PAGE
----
Bluecoat celebrates its 300th birthday by digitising its archive

What are you doing for Black History Month?

The Bluecoat Gallery in Liverpool has chosen to celebrate the building’s 300th birthday by digitising its archive. They’ve highlighted 15 particular items that tell the history of the building and the artistic milestones at the gallery. One of these is their contribution to the multi-venue project Trophies of Empire (1992-92), curated by Keith Piper and Bryan Biggs in collaboration with the Arnolfini in Bristol and Time Based Arts in Hull.

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Trophies of Empire invited 16 artists and artist collectives to make new site-specific works in response to the 500th anniversary of Christopher Columbus’ so-called ‘discovery’ of the Americas in 1492. They explored the legacies of colonialism and imperialism in three English port cities, Liverpool, Bristol and Hull, each having a particular historical connection to the Atlantic Slave Trade. Piper himself showed Trade Winds, a video installation that examined Liverpool’s significant role in Transatlantic slavery, at Merseyside Maritime Museum.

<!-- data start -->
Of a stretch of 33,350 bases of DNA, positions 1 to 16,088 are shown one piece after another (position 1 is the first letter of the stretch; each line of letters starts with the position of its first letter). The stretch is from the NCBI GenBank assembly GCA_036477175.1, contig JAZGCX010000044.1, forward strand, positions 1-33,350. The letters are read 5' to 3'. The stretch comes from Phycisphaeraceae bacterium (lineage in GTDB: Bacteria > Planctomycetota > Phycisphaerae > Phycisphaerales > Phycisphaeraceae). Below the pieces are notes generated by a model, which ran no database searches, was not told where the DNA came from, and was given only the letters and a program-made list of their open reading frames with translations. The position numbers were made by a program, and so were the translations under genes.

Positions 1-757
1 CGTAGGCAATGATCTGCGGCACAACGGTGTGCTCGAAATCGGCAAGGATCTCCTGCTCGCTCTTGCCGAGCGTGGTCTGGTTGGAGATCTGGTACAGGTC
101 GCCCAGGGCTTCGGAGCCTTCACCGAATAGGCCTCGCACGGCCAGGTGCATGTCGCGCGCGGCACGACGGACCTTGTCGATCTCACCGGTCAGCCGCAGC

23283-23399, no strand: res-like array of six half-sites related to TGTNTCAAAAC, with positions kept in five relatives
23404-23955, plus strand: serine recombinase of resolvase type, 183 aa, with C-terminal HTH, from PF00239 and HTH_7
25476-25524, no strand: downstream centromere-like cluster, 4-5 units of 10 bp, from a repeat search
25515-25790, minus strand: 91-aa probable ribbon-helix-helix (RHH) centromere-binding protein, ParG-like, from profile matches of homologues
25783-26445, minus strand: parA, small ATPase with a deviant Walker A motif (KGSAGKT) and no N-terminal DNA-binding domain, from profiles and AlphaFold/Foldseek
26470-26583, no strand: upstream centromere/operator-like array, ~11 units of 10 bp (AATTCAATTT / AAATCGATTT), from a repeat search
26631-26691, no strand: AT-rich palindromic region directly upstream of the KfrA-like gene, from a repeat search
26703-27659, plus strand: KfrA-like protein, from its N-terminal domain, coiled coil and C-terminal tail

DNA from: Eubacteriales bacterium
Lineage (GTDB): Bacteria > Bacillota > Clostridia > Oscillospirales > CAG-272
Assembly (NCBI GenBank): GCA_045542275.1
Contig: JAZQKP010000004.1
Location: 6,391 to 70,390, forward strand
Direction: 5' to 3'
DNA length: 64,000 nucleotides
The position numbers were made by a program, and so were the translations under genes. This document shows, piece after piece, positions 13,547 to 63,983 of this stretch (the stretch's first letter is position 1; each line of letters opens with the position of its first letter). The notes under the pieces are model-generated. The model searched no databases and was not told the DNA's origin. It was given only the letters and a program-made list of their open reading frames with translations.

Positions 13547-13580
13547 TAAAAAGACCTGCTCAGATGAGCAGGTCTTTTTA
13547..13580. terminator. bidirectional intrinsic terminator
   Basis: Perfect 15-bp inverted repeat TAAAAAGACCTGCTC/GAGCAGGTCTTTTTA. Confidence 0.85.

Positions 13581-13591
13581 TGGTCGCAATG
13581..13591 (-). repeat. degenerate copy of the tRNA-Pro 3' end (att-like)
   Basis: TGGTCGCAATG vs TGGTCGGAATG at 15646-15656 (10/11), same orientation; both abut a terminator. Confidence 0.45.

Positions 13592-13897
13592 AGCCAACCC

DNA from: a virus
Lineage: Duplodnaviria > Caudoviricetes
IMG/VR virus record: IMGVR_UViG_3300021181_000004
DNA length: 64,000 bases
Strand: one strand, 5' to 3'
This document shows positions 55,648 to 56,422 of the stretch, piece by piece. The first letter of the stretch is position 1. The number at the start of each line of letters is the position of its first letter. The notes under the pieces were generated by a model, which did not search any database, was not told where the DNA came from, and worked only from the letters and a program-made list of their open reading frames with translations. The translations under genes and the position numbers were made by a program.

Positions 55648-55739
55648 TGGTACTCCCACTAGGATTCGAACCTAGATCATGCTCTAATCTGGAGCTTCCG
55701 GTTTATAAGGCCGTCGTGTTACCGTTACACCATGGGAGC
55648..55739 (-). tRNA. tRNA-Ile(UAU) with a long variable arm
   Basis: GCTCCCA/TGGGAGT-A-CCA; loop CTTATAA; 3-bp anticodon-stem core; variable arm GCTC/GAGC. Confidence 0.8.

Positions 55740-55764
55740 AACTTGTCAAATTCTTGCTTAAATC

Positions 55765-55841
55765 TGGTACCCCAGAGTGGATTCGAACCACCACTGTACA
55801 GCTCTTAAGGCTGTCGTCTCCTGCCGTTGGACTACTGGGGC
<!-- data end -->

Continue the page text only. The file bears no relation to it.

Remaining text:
He would have drawn on material in the Bluecoat’s own collection of material relating to its history. Originally founded as a charity school for the town’s orphans, the building was largely funded by donations from those profiting from the trade generated from the expanding port. At least 65% of regular subscriptions were derived directly from the trade in enslaved Africans or slavery-related commodities like sugar, tobacco and cotton. The archive also includes material about contemporary artists’ responses to the historical material on slavery. Now that it’s digitised and readily available, perhaps you might view it as a spur to your own creative work?